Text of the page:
Ant-Man has always been a superhero on a much smaller scale than the rest of the Marvel Cinematic Universe, even as it dove head-first into the Quantum Realm. In Ant-Man and the Wasp, that works largely in its favor. The film’s larger-than-life humor and relatively low-stakes ground it in a way the MCU needed after Avengers: Infinity War with a much more personal story.
Compared to the grand scale across the bounds of the universe that Avengers: Infinity War gave us, Ant-Man and the Wasp is a bottled episode within the confines of San Francisco and the Quantum Realm. With a few exceptions, it ignores the rest of the MCU with a more central focus, but one that sometimes darts from scene to scene before you can grasp it.
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Hope van Dyne (Evangeline Lilly) and Hank Pym (Michael Douglas), who’ve been on the run from the FBI since the events of Captain America: Civil War, have built a tunnel that will take them into the Quantum Realm so they can rescue a trapped Janet van Dyne (Michelle Pfeiffer). But they need a missing piece of the puzzle from Scott Lang (Paul Rudd), who’s three days away from the end of his house-arrest sentence.
It’s been a long two years for Scott, and Ant-Man and the Wasp demonstrates both how bored Scott has been during that time—he took an online magic course!—and the kind of support system he has set up. There’s a collective cohesiveness in his relationships with his daughter Cassie, his ex-wife Maggie (Judy Greer), and her fiancé Jim Paxton; his friend Luis (Michael Peña) is keeping him in the loop in their struggling security business.
But they’re pitted with obstacles at every turn, whether it’s from Ghost (Hannah John-Kamen), who has more than enough motivation to get her hands on Hank Pym’s tech; a group of gangsters led by a delightfully campy Walton Goggins; and FBI agents including Scott’s parole officer Jimmy Woo (played by Randall Park), determined to arrest Hope and Hank.
Hope, the far more capable hero who was left on the sidelines as Scott took up the Ant-Man mantle in the first film, is now a superhero in her own right and one who exists outside of Scott’s radar; she gets equal billing in the title and director Peyton Reed has said that the Wasp is “not a supporting character” in her own film. She has her own costume (one that’s more high-tech than Scott’s) and her own motivations, and while she and Scott compliment each other when they face off against their foes, she doesn’t need him to fight her battles for her.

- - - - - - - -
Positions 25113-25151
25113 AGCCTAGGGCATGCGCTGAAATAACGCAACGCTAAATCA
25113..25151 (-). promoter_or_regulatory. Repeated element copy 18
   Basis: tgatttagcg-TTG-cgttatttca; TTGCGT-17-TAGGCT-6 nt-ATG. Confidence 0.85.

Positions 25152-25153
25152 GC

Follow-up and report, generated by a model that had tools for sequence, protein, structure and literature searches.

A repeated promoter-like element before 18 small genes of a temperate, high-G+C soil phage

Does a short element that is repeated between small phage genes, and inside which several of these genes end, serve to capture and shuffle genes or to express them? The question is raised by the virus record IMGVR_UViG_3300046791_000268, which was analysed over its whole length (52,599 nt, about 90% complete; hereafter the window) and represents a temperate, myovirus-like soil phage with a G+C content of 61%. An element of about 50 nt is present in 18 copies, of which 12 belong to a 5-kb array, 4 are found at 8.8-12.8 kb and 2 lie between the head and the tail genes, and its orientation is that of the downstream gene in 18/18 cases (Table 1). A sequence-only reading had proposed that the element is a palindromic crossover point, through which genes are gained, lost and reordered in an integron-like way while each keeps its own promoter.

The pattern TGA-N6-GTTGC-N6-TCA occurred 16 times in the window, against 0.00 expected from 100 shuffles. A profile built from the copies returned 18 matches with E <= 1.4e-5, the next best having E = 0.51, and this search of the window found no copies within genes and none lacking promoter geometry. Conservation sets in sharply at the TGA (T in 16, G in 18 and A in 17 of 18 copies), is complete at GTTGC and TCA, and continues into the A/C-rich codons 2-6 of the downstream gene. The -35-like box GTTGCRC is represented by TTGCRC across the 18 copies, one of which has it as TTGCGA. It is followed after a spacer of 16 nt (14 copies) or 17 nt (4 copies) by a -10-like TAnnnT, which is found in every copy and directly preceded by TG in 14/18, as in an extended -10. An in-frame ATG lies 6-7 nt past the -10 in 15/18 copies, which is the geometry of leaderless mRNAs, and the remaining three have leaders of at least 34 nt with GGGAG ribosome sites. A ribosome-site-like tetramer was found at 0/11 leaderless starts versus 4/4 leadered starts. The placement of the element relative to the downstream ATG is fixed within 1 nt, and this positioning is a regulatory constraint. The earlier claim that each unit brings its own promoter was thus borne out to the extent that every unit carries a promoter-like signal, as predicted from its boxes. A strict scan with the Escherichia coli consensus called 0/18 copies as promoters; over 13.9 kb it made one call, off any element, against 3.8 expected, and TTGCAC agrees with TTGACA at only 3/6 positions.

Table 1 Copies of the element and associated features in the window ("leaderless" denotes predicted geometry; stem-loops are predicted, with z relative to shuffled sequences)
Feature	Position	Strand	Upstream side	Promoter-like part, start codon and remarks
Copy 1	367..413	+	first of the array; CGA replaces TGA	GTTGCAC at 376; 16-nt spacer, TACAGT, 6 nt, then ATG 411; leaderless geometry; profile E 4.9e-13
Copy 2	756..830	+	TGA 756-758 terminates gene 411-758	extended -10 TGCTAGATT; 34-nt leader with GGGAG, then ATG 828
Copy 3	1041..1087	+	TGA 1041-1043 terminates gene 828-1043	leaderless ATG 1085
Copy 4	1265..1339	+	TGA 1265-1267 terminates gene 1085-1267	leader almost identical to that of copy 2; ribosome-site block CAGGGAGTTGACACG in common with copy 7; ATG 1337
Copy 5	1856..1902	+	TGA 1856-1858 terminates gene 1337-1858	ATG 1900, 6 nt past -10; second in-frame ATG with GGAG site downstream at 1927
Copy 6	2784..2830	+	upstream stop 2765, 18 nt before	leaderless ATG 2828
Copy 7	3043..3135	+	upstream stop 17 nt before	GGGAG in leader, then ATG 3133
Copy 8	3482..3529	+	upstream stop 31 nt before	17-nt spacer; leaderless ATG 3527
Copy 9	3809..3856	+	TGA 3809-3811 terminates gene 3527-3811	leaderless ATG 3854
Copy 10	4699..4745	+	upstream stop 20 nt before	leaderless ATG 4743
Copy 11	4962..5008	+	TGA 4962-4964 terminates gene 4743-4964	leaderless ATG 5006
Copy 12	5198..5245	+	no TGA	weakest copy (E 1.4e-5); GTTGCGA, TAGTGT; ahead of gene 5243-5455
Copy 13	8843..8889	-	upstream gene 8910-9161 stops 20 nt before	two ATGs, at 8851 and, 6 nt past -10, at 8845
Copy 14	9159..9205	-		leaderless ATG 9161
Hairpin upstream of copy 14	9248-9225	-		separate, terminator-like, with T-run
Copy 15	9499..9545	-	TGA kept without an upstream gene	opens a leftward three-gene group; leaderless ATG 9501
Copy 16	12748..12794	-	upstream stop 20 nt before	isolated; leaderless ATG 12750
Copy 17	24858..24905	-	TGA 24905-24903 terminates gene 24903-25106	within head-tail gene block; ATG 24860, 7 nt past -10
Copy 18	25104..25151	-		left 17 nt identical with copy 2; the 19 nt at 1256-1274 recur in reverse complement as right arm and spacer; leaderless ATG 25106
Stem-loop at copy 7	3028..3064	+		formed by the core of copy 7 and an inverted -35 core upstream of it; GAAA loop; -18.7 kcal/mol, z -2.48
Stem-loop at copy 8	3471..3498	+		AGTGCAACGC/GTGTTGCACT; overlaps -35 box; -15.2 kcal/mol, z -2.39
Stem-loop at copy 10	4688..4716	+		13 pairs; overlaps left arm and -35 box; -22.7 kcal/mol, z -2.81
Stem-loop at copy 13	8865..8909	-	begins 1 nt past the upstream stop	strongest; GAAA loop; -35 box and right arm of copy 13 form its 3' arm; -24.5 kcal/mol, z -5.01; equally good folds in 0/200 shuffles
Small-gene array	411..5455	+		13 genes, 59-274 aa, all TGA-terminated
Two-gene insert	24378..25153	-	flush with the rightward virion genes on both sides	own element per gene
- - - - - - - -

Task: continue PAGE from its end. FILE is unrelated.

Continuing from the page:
She’s still holding a grudge for Scott’s decision to go off to Germany in Captain America: Civil War without seeing if she’d go with him.
“I guess we’ll never know,” Hope tells Scott. “But if you had, you’d have never been caught.”
Ghost has her sights on the Quantum Realm and Janet van Dyne for her own reasons. Her ambition is interesting, different, and lower-stakes. She’s another reminder of how very few people and organizations in the MCU are fully black-and-white. She’s a product of what others molded her to be, and like with Hope and Hank, her goals are personal.
With plenty of callbacks to the first Ant-Man, the visual and verbal gags mostly land, and the action scenes are engaging and take full advantage of its landscape, although some of the best sequences appear in the trailer. At times, the pacing issues get in the way as it moves from each scene to the next; Scott even makes a comment about all of the different quantum-related jargon being thrown at him. The de-aging CGI on several characters is the best it’s been in a Marvel movie. But Pfeiffer is criminally underutilized as Janet van Dyne—and Laurence Fishburne as Bill Foster, Hank’s former S.H.I.E.L.D. colleague, doesn’t fare much better.
Ant-Man and the Wasp had the impossible task of following Avengers: Infinity War, and it wisely chose to do its own thing instead of trying to one-up Thanos. The effort is mostly a success, although those who aren’t keen on Ant-Man probably won’t be changed much. It’s a mostly inconsequential film that lightly punches and delights. It’s fun and humorous and doesn’t overstay its welcome.